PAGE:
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Are Pressure Redistribution Surfaces or Heel Protection Devices Effective for Preventing Heel Pressure Ulcers?

Junkin, Joan; Gray, Mikel

Journal of Wound, Ostomy and Continence Nursing: November-December 2009 - Volume 36 - Issue 6 - p 602–608
doi: 10.1097/WON.0b013e3181be282f
EVIDENCE-BASED REPORT CARD
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BACKGROUND Heel pressure ulcers are recognized as second in prevalence only to pressure ulcer (PU) on the heel among hospitalized patients, and recent studies suggest their incidence may be higher than even sacral ulcers.

OBJECTIVES We systematically reviewed the literature to identify and evaluate whether pressure redistribution surfaces or heel protection devices are effective for the prevention of heel ulcers.

SEARCH STRATEGY We searched CINAHL and MEDLINE databases, using the keywords “pressure ulcer” and “heel,” which we also searched the Cochrane Library, using the key terms “pressure ulcer,” “heel,” and “support surface.” We hand searched the ancestry of pertinent research reports and review articles in order to identify additional studies. Inclusion criteria were (1) any study that compared one or more pressure redistribution surfaces or heel protection devices designed specifically to prevent heel PU and (2) any study comparing 2 or more pressure redistribution surfaces designed to prevent PU that specifically reported differences in the incidence of heel PU. Exclusion criteria were (1) studies that did not measure heel PU incidence as an outcome, (2) studies without an English language abstract, and (3) studies that reported overall PU incidence but did not analyze heel PU incidence separately.

RESULTS Clinical evidence concerning the efficacy of pressure redistribution surfaces or heel protection devices is sparse. Existing evidence suggests that pressure redistribution surfaces vary in their ability to prevent heel pressure ulcers, but there is insufficient evidence to determine which surfaces are optimal for this purpose. A single study suggests that a wedge-shaped viscoelastic foam cushion is superior to standard foam pillows for preventing heel PU, but further research is needed before a definitive conclusion concerning this issue can be reached. There is insufficient evidence to determine whether heel protection devices are more effective than a standard hospital foam pillow for the prevention of heel PU. Research is urgently needed to determine the effectiveness of available heel protection devices for the prevention of heel PU. Studies should address efficacy among the available products and compare efficacy to standard foam pillows.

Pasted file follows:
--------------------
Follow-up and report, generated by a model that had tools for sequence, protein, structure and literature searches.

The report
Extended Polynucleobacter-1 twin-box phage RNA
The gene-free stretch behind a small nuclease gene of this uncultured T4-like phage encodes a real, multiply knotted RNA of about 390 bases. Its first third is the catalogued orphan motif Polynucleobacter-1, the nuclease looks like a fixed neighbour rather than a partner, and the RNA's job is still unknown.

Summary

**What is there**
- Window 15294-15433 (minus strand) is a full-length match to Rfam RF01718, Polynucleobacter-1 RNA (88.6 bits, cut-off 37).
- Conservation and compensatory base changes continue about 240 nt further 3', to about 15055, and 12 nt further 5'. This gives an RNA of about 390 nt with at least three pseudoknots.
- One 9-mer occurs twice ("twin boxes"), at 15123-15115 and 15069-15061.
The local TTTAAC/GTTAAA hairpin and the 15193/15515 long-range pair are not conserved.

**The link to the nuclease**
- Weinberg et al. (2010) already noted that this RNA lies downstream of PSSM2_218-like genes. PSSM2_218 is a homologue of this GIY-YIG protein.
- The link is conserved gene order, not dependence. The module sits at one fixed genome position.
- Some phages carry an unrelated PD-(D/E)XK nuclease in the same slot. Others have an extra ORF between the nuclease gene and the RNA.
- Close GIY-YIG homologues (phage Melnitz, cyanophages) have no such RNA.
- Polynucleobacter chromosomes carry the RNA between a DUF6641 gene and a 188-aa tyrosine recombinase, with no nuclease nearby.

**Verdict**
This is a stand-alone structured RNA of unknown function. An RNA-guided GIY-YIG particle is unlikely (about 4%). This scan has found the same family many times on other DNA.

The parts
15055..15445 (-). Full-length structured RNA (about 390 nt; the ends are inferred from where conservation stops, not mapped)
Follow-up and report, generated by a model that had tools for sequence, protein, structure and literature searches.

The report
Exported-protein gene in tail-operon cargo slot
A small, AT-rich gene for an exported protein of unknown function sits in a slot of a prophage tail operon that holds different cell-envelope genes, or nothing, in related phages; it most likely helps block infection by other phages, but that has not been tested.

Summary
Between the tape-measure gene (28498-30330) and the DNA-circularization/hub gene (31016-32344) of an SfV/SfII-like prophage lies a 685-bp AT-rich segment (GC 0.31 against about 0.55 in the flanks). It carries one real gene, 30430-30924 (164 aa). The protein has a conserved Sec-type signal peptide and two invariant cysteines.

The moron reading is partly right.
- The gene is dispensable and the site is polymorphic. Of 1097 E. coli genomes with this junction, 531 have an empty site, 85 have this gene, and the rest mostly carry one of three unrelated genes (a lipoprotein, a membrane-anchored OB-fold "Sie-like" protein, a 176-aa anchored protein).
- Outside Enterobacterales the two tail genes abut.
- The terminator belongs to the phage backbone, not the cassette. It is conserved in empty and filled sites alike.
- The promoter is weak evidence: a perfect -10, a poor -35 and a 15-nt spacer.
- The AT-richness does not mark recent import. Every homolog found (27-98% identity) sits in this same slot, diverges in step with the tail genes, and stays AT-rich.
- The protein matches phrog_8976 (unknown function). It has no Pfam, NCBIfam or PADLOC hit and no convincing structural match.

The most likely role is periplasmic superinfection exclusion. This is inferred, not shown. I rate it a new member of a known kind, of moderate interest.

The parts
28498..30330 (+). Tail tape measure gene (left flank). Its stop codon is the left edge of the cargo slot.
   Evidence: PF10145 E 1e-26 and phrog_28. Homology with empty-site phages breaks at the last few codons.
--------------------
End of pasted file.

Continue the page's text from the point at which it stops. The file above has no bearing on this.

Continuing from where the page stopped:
IMPLICATIONS FOR PRACTICE Given the paucity of clinical evidence, clinical decisions about the selection of an optimal device for preventing heel PU rely on a combination of existing evidence and clinical experience. While pressure redistribution devices may reduce tissue interface pressures at the heels, expert opinion and clinical experience concur that elevation of the heel is indicated to both reduce pressure and prevent shear and friction caused by frequent movement of the heel due to restlessness, reflex movements of the legs, or voluntary movement. A variety of heel protection devices are available that are designed to both relieve tissue interface pressure and protect the heel from shear and friction. Considerations for selecting an optimal heel protection device include its ability to elevate the heel off the underlying support surface while preventing foot-drop and rotation of the leg, the boot's ability to wick away temperature, its ability to be cleaned, whether it allows patient ambulation, its ability to remain in place despite patient movement, and its ability to remain in place without causing pressure to other surfaces of the foot.

Joan Junkin, MSN, APRN-CNS, CWOCN, The Healing Touch, Inc, Lincoln, Nebraska.

Mikel Gray, PhD, FNP, PNP, CUNP, CCCN, FAANP, FAAN, Department of Urology, University of Virginia, Charlottesville.

Corresponding author: Mikel Gray, PhD, FNP, PNP, CUNP, CCCN, FAANP, FAAN, Department of Urology, University of Virginia, PO Box 800422, Charlottesville, VA 22908 (mg5k@virginia.edu).

Disclaimer: The authors have no conflicts of interest to disclose. Joan Junkin is on the Sage Speaker's Bureau.

Copyright © 2009 by the Wound, Ostomy and Continence Nurses Society